ALEPPO.- Once renowned for its bustling souks, grand citadel and historic gates, Aleppo's Old City has been rendered virtually unrecognisable by some of the worst violence of Syria's war.
For centuries, Aleppo was Syria's economic and cultural powerhouse, attracting tourists from around the world to its celebrated heritage sites.
But now, only gaunt stray cats roam the rubble-strewn alleyways of its Old City, a UNESCO World Heritage site, after years of savage conflict.
In the famed Al-Hatab Square, recently recaptured by the Syrian army, lawyer and Aleppian historian Alaa al-Sayyed could scarcely believe his eyes.
Al-Hatab was one of the oldest squares in the city, but it now lay dotted with sand barricades and the charred remnants of overturned buses.
"I couldn't even recognise it because it was so severely damaged. I told myself, this can't be Al-Hatab square," he told AFP.
The Old City became one of Aleppo's bloodiest front lines after rebel groups overran the eastern half of the city in mid-2012, a year after the conflict began with anti-government protests.
For four years, it was caught between opposition factions in the east and government forces in the west.
Fighting destroyed the 11th century minaret of Aleppo's famed Ummayad mosque and heavily damaged the old Crusader citadel.
Faced with a blistering offensive by forces loyal to President Bashar al-Assad, opposition factions withdrew from the Old City on December 7 in a highly symbolic retreat.
Aleppo's covered market -- the largest in the world -- served for centuries as a gathering place for artisans and traders.
They came from across the globe to its 4,000 shops and 40 caravanserais, roadside inns for travellers.
But now the market's walls are scarred by years of gunfire, rockets and mortar rounds -- attacks that Sayyed called "unjustifiable" because of the area's historical value.
The market was "the economic heart of Aleppo and an irreplaceable piece of heritage", he told AFP.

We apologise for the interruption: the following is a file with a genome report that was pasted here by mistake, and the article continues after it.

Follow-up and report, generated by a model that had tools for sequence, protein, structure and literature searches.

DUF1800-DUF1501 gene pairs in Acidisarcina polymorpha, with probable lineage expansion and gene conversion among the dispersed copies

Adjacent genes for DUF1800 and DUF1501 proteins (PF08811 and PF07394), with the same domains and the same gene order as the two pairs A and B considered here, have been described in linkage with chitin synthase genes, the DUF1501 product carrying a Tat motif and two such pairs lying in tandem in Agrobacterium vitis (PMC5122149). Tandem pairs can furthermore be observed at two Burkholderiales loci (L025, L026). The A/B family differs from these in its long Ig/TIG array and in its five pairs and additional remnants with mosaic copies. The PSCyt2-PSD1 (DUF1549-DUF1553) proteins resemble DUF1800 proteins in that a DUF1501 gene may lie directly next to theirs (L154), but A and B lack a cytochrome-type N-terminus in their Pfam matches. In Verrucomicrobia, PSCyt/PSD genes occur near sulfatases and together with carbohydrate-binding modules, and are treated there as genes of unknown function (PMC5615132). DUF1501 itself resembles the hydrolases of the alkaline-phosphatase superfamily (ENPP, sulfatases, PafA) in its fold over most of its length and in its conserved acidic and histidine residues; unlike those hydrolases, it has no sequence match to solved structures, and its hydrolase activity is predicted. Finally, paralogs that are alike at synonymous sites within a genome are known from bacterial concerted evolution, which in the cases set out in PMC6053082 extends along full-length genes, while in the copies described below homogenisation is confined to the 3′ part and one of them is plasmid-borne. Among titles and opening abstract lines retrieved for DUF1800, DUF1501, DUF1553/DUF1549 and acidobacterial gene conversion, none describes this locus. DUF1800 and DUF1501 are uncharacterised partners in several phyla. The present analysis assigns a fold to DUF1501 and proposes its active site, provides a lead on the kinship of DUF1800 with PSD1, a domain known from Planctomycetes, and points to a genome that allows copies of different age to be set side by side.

Attacking it "was a decisive blow against Aleppo's economy, because thousands of Aleppian families, whether rich for poor, relied on the souk for their livelihoods."
Abu Ahmad, 50, once owned several shops in the old market where he sold vibrant fabrics that he produced elsewhere in the city.
Forced to leave his storefronts behind as fighting there intensified, he opened a kiosk selling coffee and other hot drinks in the government-held Aleppo district of Furqan.
"I sold my wife's jewellery so I could buy this kiosk," Abu Ahmad said, tears welling in his eyes and his voice cracking on a cold December morning.
He told AFP he hoped to return and find his old storefront intact, but was prepared to sell his car to rebuild if necessary.
"I'm a tradesmen, and I don't want to leave my trade. I want to pass it on to my son," he said.
The war also ravaged the touristic area around Aleppo's famed citadel, including the Al-Sultaniyah mosque and the imposing white-stoned Grand Serail.
The luxurious Carlton Hotel was completely levelled by a massive rebel tunnel bomb in February 2014.
In nearby Aqyul district, the rows of demolished residential buildings seemed to extend endlessly towards neighbouring Bab al-Hadid.
Broken washing machines, air conditioning units, and other household items lay in heaps outside, while torn pieces of blue canvas fluttered in window frames where the glass had been blown out by explosions.
One stray cat wandered aimlessly across the main street, pausing to sniff at a decaying body still lying in the street.
Even the local cemetery did not survive the battle unscathed, with parts of shattered tombstones strewn across patches of dried grass.
In Bab al-Hadid, home to one of the city's best-preserved historical gates before the war, there was a similar silence.
Near its square, which dates back to 1509 AD, storefronts were still painted with the three-star flag of Syria's beleaguered opposition.
"From Houran (in the south) to Aleppo, the revolution continues," reads graffiti scrawled on a wall in the deserted neighbourhood.
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